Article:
Practice Practice Practice

“If things had been different, we might have had an affair. Or something even more lasting.” Garrick’s head bowed slightly as he spoke, as if his neck was giving way to the weight of a sigh.

Stella’s reply would remove any hope Garrick might have had for a speck of compassion.

“Well, of course! That statement cannot be disputed because, if things had been different, all manner of circumstances might have changed. You might have been mortally wounded in Vietnam if things had been different. You might have achieved fame or notoriety as a firebrand actor if things had been different. If things had been different, you might have spent twenty years in a Moroccan prison, subject to daily floggings and frequent rape. My point is, things were what things were. Stop your goddamned moping and live in the present!”

Garrick had not suggested he might have had an affair with Stella “if things had been different.” He was reminiscing about a mostly unhatched relationship with Monica Noburnshire, whose marriage with her husband, Paul, had been on its last legs when Garrick met her. Garrick was too young and inexperienced to recognize Monica’s interest in him at the time. Her advances were not sufficiently overt for him to believe that she actually had an interest in him. She was four years his senior and had the face of a movie star. Garrick was transfixed by her long blonde hair; he imagined running his hands through it as he kissed her passionately on the lips. But that was only his imagination. He was too shy to even hint at an interlude with her. Especially since she was married. And he was almost engaged.

Still, when she invited him to drive her sports car back to the office from lunch and then put her arms around his neck as he sat in the driver’s seat, he could imagine his fantasy turning to reality. Later, when their budding relationship was consummated after an after-work drinking binge at a nearby club, he thought reality and fantasy had become one. But something happened to quell the relationship. He didn’t remember what it was. It may have been something consequential, but it could just as easily have been the result of what had always been destined to be a one-night fling.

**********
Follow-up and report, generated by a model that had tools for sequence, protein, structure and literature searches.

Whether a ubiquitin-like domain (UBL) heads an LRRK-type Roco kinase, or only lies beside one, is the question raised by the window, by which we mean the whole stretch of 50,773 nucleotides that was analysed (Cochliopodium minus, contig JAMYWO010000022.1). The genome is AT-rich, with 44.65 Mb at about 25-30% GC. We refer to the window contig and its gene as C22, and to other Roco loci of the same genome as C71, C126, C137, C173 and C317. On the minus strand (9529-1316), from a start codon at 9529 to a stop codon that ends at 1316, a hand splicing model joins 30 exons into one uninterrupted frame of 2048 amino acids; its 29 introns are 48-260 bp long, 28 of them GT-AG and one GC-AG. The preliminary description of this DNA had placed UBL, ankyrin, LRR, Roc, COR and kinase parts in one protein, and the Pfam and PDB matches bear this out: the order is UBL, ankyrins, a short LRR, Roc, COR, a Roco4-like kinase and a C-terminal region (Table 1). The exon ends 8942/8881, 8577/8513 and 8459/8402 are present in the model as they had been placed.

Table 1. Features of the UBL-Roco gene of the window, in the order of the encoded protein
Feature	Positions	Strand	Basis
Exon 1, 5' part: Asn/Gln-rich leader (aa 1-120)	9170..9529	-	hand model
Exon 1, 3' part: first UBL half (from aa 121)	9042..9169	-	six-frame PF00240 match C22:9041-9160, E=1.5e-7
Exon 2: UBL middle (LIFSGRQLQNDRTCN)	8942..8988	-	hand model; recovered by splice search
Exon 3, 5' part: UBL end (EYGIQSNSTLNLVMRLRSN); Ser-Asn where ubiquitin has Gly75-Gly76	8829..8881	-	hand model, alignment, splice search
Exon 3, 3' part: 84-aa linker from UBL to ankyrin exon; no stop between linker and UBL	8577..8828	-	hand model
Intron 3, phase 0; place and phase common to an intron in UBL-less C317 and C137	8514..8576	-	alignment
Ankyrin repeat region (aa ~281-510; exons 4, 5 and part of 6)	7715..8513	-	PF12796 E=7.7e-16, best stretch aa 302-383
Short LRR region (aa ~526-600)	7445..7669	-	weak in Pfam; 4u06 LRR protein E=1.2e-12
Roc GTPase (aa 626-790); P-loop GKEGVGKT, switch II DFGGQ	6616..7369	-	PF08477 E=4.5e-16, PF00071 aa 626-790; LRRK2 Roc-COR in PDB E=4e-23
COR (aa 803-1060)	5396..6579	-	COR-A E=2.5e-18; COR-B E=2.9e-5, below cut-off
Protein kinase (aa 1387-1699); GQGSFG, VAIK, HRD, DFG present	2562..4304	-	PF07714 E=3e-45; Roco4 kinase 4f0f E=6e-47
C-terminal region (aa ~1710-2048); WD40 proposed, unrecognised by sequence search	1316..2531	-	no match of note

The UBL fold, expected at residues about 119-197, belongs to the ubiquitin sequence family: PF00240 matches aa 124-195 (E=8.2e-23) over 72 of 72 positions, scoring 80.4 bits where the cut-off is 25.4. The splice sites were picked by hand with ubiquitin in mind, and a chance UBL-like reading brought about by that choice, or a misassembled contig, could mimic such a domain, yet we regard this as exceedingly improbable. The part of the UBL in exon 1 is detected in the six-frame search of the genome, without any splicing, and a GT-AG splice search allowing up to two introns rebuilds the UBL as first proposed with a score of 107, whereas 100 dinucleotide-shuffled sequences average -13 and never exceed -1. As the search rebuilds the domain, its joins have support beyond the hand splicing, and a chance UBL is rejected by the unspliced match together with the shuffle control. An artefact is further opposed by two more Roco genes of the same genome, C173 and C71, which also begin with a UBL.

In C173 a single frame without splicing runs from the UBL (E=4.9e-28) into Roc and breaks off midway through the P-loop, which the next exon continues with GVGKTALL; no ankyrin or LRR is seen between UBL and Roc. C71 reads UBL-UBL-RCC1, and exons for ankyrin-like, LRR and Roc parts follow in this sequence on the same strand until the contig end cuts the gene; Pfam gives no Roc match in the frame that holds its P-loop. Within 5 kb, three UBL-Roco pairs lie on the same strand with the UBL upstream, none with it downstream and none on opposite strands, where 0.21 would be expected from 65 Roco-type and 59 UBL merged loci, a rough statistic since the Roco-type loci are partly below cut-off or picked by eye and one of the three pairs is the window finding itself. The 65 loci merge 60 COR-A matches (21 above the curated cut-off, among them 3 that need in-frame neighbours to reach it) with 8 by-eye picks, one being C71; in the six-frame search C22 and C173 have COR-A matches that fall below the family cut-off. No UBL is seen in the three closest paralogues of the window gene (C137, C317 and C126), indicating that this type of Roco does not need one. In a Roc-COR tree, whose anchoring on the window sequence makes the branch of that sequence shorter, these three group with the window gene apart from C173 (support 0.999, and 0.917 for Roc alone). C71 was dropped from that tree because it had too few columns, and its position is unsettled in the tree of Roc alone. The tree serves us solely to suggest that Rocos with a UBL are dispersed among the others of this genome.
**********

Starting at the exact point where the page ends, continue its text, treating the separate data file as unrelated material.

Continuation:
That it ended without intention had always bothered Garrick. His gloomy recall and his propensity to ask “what if” during the conversation with Stella drew her wrath and her reply. She was having none of his appetite for reminiscing about unfulfilled hunger and the possibility of love. She continued her tirade.

“You always wonder “what if” things had been different. Well they are always different. Different from what they might have been. Every breath you take is different from every other breath. What if the last one was exactly like the one before it? Well your life might have taken a sharp turn and you might have ended up in the gutter, begging for nickels. But it’s just as likely that nothing of the sort would have happened. I wish you’d get over this constant questioning about how your life would have been different if something or other had been different. It’s impossible to know!”

“Don’t you ever wonder how your life would have been different, Stella, if you’d make different decisions along the way? I mean, what if you had taken the job with the airline instead of staying with the bus company? You can never know, of course, but don’t you wonder?”

Stella’s look of exasperation preceded  her words. “No, I don’t. Because it’s pointless. I didn’t take the job. The bus company folded and I lost my job. But the same thing could have happened with the airline. Wondering “what if” is the utterly pointless undertaking of fools.”

“So I’m a fool for contemplating how my life might have been different had I made different choices? You’re even more callous and uncaring than I thought.”


About John Swinburn

"Love not what you are but what you may become."― Miguel de Cervantes
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